TipYou can search for health professionals for the area you are staying in via the l’Assurance Maladi website (information in French only).

As a visitor (non-resident) to France, you are not subject to French laws governing the parcours de soins (coordinated medical consultation procedure). This means you can consult a specialist directly without going through a GP first. To prove that the parcours de soins isn’t applicable to you and to avoid paying any additional charge, you should show the doctor (whether a GP or specialist) your European Health Insurance Card or Provisional Replacement Certificate.

However, if you move to France long-term or plan to work in the country, you’ll have to register with the local state health insurance company (Caisse Primaire d’Assurance Maladie – CPAM). Look up the local institution according to your place of residence

Once you’ve registered, you’ll be issued a ‘carte vitale’ which you need to present when seeing a health professional or going into hospital. You’ll also have to pay a monthly health insurance premium as well as contributing to the costs when seeing a doctor. The parcours de soins will apply, meaning you’ll need a GP referral to see a specialist.

TipContact the Centre des Liaisons Européennes et Internationales de Sécurité Sociale (CLEISS) for more advice before you travel. Call 0033 1 45 26 33 41 from the UK or email webmestre@cleiss.fr. They provide information in French, English, Spanish, German, Italian and Portuguese.

Hospital treatment

If you are admitted to hospital, make sure you present your EHIC or your ‘carte vitale’ on admission. This will ensure you only pay the patient contribution.

If you are admitted to a private hospital or clinic, try to ensure that it is also registered to provide state healthcare.

Generally, you will only have to pay a 20% co-payment towards your treatment, sometimes it will be free. Inpatients will have to pay a daily hospital charge of €18. If you are admitted to hospital and receive any major medical treatment, you will be charged a flat-rate contribution of €18 in addition to the daily hospital charge or the 20% co-payment.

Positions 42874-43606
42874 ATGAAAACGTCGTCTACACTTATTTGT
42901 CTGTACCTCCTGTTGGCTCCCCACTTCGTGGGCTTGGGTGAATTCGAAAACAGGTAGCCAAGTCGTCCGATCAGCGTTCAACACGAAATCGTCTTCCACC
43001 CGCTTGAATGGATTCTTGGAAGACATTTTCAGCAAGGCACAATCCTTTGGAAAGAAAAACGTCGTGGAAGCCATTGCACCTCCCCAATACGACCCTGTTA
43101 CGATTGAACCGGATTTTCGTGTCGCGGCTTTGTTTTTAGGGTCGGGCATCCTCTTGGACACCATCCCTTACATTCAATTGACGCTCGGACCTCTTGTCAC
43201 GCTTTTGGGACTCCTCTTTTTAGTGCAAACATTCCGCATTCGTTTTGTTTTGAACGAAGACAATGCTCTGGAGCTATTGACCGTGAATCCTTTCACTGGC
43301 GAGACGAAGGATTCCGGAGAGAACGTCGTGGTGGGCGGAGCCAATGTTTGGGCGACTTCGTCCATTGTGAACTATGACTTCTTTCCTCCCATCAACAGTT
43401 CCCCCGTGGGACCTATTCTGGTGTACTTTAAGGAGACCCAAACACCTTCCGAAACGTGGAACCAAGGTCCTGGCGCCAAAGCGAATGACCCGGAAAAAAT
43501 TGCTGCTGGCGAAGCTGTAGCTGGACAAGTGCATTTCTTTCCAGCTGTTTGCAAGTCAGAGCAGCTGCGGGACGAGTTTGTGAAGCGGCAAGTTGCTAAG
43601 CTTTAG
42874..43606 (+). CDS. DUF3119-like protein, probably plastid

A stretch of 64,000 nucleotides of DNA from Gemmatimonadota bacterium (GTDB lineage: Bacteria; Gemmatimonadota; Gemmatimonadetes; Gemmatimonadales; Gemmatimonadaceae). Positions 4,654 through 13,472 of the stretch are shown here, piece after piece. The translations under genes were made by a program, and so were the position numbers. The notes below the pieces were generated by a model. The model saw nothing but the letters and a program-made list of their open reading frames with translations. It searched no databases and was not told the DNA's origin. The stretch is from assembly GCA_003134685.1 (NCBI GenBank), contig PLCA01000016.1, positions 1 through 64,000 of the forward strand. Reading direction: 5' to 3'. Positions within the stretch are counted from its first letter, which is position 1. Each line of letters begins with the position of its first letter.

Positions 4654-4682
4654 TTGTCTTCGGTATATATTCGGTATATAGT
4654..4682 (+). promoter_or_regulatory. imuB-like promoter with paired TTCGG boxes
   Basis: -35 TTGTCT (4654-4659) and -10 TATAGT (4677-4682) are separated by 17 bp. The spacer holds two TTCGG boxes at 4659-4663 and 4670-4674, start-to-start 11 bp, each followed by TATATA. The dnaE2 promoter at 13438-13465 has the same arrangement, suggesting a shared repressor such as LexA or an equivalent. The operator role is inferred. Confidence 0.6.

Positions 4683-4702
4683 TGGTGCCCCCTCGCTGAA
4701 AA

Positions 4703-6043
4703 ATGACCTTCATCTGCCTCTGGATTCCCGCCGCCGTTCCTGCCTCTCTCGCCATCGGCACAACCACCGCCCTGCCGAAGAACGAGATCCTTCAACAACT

TipIf possible, find out about treatment costs and reimbursement rates in advance. Some facilities apply a surcharge (dépassement d’honoraires) that is not covered by the French healthcare system. A few clinics are 'non conventionnées', meaning that their rates are not government regulated.

Prescriptions

You can obtain your medicines from any pharmacy (pharmacie) on presenting the feuille de soins and the doctor’s prescription. The price of the medicine is printed on a feuille de soins that the chemist will give back to you with the prescription. You pay the chemist directly. The vignettes (stickers) on the medicine packaging must be removed and stuck on the feuille de soins in the space provided – you cannot claim a refund without it.

Prescribed medicines are only reimbursable if they are listed as reimbursable pharmaceutical products. Reimbursement rates vary between 15% and 100 % of the sale price.

In most areas you’ll find at least one pharmacy that is open on Sundays or during out-of-office hours (pharmacie de garde/service de garde). Information about out-of-hours services are generally displayed in the shop windows of local pharmacies or newspaper agents.

TipYou can call 32 37 for information about duty pharmacies. It’s a 24 hr phone service to help you find pharmacies in your area. You can also use their online service and search for pharmacies via post code (Information in French only).